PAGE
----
Thanks for looking
Robin

Tuesday, March 27, 2018

I Dusted Off Another .....

I dusted off another typecase - actually I dusted two so I hope you'll enjoy a few more pictures of my little treasures.
Then there's a thank-you.

 

Firstly, I would like to say a huge thank you to Illona who kindly answered my plea in the last blog about drooping helebore!  These glorious winter and spring flowers, often called Christmas or Easter roses droop very quickly when picked on the stem for a vase indoors and having (I thought) read and tried all the tips to prevent this over the years, had given up and displayed the heads floating in a bowl very prettily. (See pic. in last blog)

To my rescue came Illona who tracked down the definitive remedy, first suggested by Margery Fish in 1956.  Margery Fish was a well known and much loved English gardener and writer and her books are still collected and read in U.K.
Margery said the stems should be cut through right up to the first pair of leaves and that the flowers would then stay perky and fresh for a long time. So I dashed out, picked a couple of stems, slit them through as directed and YES I had perfect blooms for over a week and the buds opened too - which all goes to prove there's nothing new in the garden, it's just a case of finding it.

If you haven't already found Illona's blog do hop over and take a look - she is also the perfect gardener, only this time in miniature. Her latest blog features wonderful tiny buttercups and a selection of exquisite daffodils - as a bonus there are photographs of the lovely countryside around her home.
http://minimumloon.blogspot.co.uk/2018/03/geen-zorg-die-lust-ze-echt-niet-no.html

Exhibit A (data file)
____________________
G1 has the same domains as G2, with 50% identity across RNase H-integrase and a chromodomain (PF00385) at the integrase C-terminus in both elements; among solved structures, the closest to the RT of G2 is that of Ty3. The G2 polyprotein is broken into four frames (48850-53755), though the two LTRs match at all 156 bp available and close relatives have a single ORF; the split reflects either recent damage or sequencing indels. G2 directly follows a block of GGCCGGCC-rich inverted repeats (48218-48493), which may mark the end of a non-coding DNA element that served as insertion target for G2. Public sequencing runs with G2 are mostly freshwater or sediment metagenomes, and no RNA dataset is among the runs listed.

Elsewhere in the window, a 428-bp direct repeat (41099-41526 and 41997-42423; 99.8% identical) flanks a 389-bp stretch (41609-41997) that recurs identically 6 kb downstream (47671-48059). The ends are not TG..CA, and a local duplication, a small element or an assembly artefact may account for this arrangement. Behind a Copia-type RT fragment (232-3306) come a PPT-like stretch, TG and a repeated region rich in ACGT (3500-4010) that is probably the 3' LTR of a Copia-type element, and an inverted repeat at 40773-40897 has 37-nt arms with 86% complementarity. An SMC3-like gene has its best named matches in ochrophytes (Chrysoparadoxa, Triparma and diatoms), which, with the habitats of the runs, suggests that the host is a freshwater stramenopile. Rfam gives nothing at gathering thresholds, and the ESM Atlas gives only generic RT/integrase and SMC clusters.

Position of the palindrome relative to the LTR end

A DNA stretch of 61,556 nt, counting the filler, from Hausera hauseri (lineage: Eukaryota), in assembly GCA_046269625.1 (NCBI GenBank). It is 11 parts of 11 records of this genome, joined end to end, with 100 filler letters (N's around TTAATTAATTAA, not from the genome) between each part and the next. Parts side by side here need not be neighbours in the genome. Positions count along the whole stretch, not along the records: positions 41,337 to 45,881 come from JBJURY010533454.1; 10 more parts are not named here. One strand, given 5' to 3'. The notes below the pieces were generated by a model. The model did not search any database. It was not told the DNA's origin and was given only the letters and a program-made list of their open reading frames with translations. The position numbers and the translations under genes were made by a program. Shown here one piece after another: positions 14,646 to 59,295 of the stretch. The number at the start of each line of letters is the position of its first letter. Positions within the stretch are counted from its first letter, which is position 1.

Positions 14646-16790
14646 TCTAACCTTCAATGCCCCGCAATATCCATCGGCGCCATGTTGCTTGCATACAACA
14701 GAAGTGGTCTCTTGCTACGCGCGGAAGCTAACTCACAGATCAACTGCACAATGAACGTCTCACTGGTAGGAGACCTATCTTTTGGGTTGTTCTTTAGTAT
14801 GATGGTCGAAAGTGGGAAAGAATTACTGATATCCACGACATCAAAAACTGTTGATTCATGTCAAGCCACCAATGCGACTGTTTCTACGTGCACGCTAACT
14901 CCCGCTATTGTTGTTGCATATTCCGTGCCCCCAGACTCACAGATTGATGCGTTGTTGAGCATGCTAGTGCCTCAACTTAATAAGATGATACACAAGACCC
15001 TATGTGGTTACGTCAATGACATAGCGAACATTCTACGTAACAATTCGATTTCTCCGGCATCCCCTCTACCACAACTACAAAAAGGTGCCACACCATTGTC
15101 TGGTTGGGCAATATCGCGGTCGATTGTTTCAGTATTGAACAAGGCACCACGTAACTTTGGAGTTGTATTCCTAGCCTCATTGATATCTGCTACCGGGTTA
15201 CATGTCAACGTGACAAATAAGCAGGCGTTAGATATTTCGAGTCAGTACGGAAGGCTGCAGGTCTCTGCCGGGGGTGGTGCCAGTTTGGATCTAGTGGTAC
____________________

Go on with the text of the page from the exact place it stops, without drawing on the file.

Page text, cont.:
So here is my oldest type case and the smallest, containing a mixture of very old tiny things and some beautiful miniatures by the very best of U.K. artisans I have collected in recent years. I use fabulous buttons, pretty shells and things to fill gaps when I 'rob' a box for a project, or until I find something more interesting.

The wedding shoe once graced a family wedding cake, made and decorated by my aunt - it must be more than 50 years old now.
As a member of the family bakery business she continued to do this for family and friends long after her retirement, and the last she did, well into her eighties, was for a 60th wedding anniversary - and she'd done the original wedding cake!
The lovely snowdrops are of course by Jan Southerton, The Flower Lady and were my Granny's favourite flowers.

As a child I loved the book, Anne Of Green Gables,(still do) so here is Anne and the book as well. I played with the wobbly bug  on row three as a child and the french coin turned into a brooch  next to the vintage butterfly brooch was made for me by someone special. These super vintage books are by my friend Celia Thomas of KT Miniatures who borrowed the real ones from us to make authentic replicas.  This is my favourite collection.

This case is also an old one and was mostly filled a few decades ago, although again I occasionally 'rob' it and pop in a shell; it holds mostly special tiny bits and pieces that are  about family or special people, rather than true miniatures.


The three tiny bisque nursery rhyme figures were brought home by my Dad when he was repatriated after three years as a P.O.W during W.W.2 and were given to him by a German family who were very kind to him. The bug brooch is actually also a Victorian  needle holder. The badge at the bottom is from Birmingham War Weapons week in 1940 and presumably raised funds.
All over this tray are nods to the Canadian branch of the family including this and other gorgeous hand painted pebble brooches.


That's a very youthful father in uniform in the photograph and a tiny portion of beadwork and a velvet leaf to remind me of my beadworker Granny, who in the early years of C20th not only created exquisite beadwork that was sent off to London to be incorporated into frocks and accessories for grand Edwardian ladies but managed to cope with seven children and be involved in the family bakery and confectionery business as well.  Interestingly three of her four daughters loved beads and my Mum, the youngest had a lifelong phobia which she attributed to them having to count and sort millions of seeds beads as children.